LabCorp’s Enlighten Health Launches Innovative Genomics Initiative
News Sep 08, 2014
Laboratory Corporation of America® Holdings (LabCorp®) has launched Enlighten Health Genomics, a new business that builds on the diagnostic potential of Next-Generation Sequencing (NGS) technology. Enlighten Health Genomics is part of LabCorp’s Enlighten HealthSM, an innovation engine for provider and patient-facing services and tools that enhance treatment decisions, lower healthcare costs and improve patient outcomes.
Enlighten Health Genomics combines LabCorp’s world-class infrastructure and capabilities with a team of accomplished geneticists to offer state-of-the-art diagnostic capabilities, NGS analysis and interpretation, and informed genetic counseling. “Enlighten Health Genomics is an important part of LabCorp’s strategy to capitalize on our unique assets, create new sources of revenue from our core capabilities and meaningfully differentiate us from competitors,” said David P. King, LabCorp’s Chairman and Chief Executive Officer. “The launch of this business is another tangible step in the development of Enlighten Health, our initiative to create innovative tools and capabilities to enhance patient care.”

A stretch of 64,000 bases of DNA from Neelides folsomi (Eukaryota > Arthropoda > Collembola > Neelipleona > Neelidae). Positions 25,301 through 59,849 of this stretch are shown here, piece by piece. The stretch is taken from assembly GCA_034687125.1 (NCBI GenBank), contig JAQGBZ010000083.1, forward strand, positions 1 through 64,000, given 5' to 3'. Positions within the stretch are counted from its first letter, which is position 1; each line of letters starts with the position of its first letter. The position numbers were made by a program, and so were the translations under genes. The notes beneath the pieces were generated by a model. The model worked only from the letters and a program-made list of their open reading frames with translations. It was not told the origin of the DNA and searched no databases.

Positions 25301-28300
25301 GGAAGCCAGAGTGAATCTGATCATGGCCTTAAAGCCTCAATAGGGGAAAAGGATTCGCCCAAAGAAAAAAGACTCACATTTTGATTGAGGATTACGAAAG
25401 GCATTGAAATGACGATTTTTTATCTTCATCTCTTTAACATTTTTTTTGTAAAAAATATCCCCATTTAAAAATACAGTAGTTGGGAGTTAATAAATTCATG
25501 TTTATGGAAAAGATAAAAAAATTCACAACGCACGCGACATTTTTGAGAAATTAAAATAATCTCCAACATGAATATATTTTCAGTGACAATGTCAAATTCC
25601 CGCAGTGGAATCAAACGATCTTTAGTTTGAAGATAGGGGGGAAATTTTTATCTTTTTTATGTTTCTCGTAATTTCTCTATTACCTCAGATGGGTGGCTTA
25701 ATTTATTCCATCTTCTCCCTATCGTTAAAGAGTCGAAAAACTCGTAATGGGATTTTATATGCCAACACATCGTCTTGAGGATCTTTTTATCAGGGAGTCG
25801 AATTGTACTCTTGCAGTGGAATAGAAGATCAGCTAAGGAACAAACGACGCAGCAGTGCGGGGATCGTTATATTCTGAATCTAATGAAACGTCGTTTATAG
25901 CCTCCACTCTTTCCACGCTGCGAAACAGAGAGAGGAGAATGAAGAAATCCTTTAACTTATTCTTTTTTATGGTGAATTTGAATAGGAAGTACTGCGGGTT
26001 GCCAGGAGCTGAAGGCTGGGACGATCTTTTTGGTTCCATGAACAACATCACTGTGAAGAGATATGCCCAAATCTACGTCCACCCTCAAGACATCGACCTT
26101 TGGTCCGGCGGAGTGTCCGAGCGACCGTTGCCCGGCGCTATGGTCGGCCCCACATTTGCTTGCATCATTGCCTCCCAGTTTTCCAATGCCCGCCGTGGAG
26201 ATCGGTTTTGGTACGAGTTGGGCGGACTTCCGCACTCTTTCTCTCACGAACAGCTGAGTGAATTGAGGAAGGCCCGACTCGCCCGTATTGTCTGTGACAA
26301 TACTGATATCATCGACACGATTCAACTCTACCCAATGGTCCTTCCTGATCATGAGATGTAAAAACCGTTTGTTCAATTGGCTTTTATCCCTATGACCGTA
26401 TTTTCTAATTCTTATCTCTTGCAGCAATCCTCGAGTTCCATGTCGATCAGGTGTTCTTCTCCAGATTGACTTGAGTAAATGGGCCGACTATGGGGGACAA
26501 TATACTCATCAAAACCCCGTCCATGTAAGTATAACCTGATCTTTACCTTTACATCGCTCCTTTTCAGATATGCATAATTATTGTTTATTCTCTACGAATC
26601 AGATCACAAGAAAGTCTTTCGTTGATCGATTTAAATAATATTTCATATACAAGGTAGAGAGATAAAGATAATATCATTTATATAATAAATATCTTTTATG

Later this year, Enlighten Health Genomics will introduce ExomeReveal, a whole exome sequencing testing service. Increasing evidence suggests that early genetic diagnosis can improve clinical outcomes, and ExomeReveal will provide genome-wide interpretation for children with serious childhood genetic diseases as well as additional diagnostic information for patients of any age.
“We believe that patients with serious genetic conditions require a thorough interpretation of their genome,” said Duke University genetics professor David Goldstein, who will chair Enlighten Health Genomics’ Scientific Advisory Board. “Our goal is to offer innovative and affordable diagnostic solutions to broad patient populations, making genomics a routine part of clinical decisions.”
Back in 2009, researchers identified a herd of Awassi sheep suffering from "day blindness". As that term implies, these sheep were blind during the day (in bright light) but could see at night, in low-light conditions. After identifying the genetic basis of this blindness, researchers have now successfully used gene therapy to restore their daytime vision.READ MORE